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From: B. Harris)
Subject: Re: Doctor-bashing
Date: 14 Mar 1999 11:18:39 GMT

In <> Kristopher Crawford <>

>So you see George, if you do away with the Medicare subsidy for GME
>positions, all residents then become just employee's (and the NLRB can
>forget about that case they are gnawing on) not students. Then the AMA
>could in fact form bargaining units for them (in that alternate reality
>George you could really then be right....the AMA would then be a union)
>and they could negotiate to be paid what they are worth to a hospital and
>then alternately pay the staff physicians directly for their teaching
>services. You do that and you'll double resident pay overnight.
>Please George call your congressman today get him to implement this plan
>I'm begging you.
>Kris Crawford

    I'd like to see this, also.  I have in mind my own internship,
where I calculated I was making below minimum wage-- certainly less
than the nurses and janitors were making.  The reason I was exempt from
various labor laws was that the money I got was for those purposes
considered a student "stipend."  "Aha," said I, "that will be great for
tax purposes."  "No, for tax purposes it's considered a salary."  It
didn't take a lot of intelligence to realize I was getting it coming
and going.

   There is nothing inherantly bad about unions-- unions are simply the
scars of bad management, and management will always manage no better
than it has to (which is horribly, if there is not feedback).  Doctors
have historically been self employed entrepreneurs and have not been
managed, and thus have had no union.  Now that we increasingly are
being managed as employees, we need one badly but are too proud to
admit it.  In countries where doctors really do work for the
government, they have a union.  But those countries do not permit such
unions the freedom and powers which unions have historically been
permitted in the U.S.   Socialists are loathe to regard doctors as
"workers" even as they plot to make them exactly that.  Well, you can't
have it both ways.  When we get it coming and going, we eventually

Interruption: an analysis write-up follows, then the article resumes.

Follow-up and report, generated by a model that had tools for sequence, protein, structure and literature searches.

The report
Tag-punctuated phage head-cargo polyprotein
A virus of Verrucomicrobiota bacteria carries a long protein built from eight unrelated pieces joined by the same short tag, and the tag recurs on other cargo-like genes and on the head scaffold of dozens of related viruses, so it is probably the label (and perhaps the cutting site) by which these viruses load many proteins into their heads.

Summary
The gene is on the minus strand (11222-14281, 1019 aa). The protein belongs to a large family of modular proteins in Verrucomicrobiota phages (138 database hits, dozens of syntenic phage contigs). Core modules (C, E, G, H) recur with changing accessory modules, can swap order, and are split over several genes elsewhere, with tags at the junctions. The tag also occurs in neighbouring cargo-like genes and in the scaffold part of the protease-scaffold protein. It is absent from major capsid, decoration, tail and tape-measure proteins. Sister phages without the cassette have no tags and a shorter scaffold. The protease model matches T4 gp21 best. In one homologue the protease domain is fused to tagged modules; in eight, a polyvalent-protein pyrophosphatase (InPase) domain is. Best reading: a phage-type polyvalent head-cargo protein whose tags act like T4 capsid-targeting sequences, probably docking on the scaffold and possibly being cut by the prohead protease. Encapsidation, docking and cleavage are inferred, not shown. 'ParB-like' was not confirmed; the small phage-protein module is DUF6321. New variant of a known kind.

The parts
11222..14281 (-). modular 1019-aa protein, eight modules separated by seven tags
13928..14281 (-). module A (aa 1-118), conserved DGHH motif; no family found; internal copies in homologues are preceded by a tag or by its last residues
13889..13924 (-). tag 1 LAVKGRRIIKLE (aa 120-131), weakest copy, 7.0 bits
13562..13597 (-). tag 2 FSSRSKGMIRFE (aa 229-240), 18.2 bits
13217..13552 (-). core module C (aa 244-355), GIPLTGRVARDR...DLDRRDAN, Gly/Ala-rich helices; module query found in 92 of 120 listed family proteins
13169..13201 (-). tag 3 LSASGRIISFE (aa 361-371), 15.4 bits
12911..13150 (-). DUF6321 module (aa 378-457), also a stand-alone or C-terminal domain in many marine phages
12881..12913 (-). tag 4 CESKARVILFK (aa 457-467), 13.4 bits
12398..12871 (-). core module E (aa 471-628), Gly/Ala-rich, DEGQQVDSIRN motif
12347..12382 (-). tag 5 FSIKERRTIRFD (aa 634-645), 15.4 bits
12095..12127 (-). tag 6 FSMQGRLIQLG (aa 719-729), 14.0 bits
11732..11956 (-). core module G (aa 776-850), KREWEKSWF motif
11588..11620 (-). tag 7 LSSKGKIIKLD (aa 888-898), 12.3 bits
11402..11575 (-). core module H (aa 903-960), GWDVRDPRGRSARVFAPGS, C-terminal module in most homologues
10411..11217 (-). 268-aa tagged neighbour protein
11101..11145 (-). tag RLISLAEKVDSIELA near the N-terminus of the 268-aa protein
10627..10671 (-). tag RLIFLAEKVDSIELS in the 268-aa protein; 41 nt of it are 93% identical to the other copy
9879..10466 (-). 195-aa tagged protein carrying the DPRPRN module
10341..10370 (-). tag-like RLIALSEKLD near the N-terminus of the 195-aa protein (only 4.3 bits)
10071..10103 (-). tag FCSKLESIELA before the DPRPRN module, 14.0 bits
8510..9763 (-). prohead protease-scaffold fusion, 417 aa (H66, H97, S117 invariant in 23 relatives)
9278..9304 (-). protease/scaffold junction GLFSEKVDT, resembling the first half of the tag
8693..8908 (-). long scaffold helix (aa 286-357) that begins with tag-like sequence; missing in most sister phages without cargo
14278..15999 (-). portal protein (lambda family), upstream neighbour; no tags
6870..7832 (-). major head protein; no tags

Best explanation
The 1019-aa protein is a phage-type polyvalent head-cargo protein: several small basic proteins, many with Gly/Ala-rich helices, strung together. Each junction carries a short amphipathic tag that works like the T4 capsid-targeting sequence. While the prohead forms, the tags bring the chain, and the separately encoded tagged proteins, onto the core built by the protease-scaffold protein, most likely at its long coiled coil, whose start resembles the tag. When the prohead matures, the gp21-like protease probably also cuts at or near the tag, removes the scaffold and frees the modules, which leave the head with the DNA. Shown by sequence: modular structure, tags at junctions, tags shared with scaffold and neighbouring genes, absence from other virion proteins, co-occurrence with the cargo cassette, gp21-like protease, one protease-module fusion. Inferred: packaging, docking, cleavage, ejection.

figure it out.

   People forget sometimes that a doctors union, when it eventually
does come to pass (and it's not here yet) will have certain advantages
that the AFL-CIO does not.  If the Auto Workers of America want too
much, the Suits can always threaten them with making cars in Mexico, or
buying them from Japan.  But if people threaten doctors with going to
Japan or Mexico for their medical care, the only response will be
"Sayonara."  Or perhaps more appropriately: "Via con Dios."

From: B. Harris)
Subject: Re: Resident Training Costs and Subsidies (was: The Patients' Bill of 
	Rights (was Backlash against HMOs: a declaration of war)
Date: 29 Apr 1999 03:15:42 GMT

In <> (Richard M. Poniarski, MD) writes:

>	Doctors are NOT free to organize as they wish. As far as I know,
>and I don't claim to be a legal expert, doctors are not allowed to form a
>union to negotiate with either their employers, ie hospitals, or with
>insurance companies. Organizations such as ASAM, AMA, etc, are
>professional organizations like the Bar Association. They are to help
>educate and promote the agenda of the physicians who are members.
>	Now I know there is a movement out there to organize doctors into
>a union, and with more and more physicians becoming employees may be
>will come to pass one day. But not today...

    It's worth noting that radiologists, who've longer than any group
been essentially employees of hospitals, have long organized into
bargaining groups which are local unions in all but name.  And by this
they've gotten themselves salaries second only to surgeons (and fairly
close to surgeons).  Despite far shorter hours and fewer years of
nasty, painful training.  Of course, I suspect that none of this raises
doctors' net take of the health care dollar, which remains pretty much
fixed at 15-20% (depending on how you count).   What radiologists take
away in extra comes out of the pockets of family practitioners and
pediatricians, etc. (& geriatricians...ouch).   Those medical
specialties most heavily populated by women, interestingly enough.   I
don't think, for once, that this is actually descrimination against
women.  Rather, it's that women are drawn to those parts of the medical
subspecialty world which involve social interaction, and the powers
that be in the U.S. have decreed that technology bills, and social
interaction can be on your own time, thank you very much.   You get the
bucks if you're down in the dark room in the basement next to the CT
scanner, not if you're up in the sunshiney clinic with the screaming
kids.  Radiologists, the Morlocks of Medicine.

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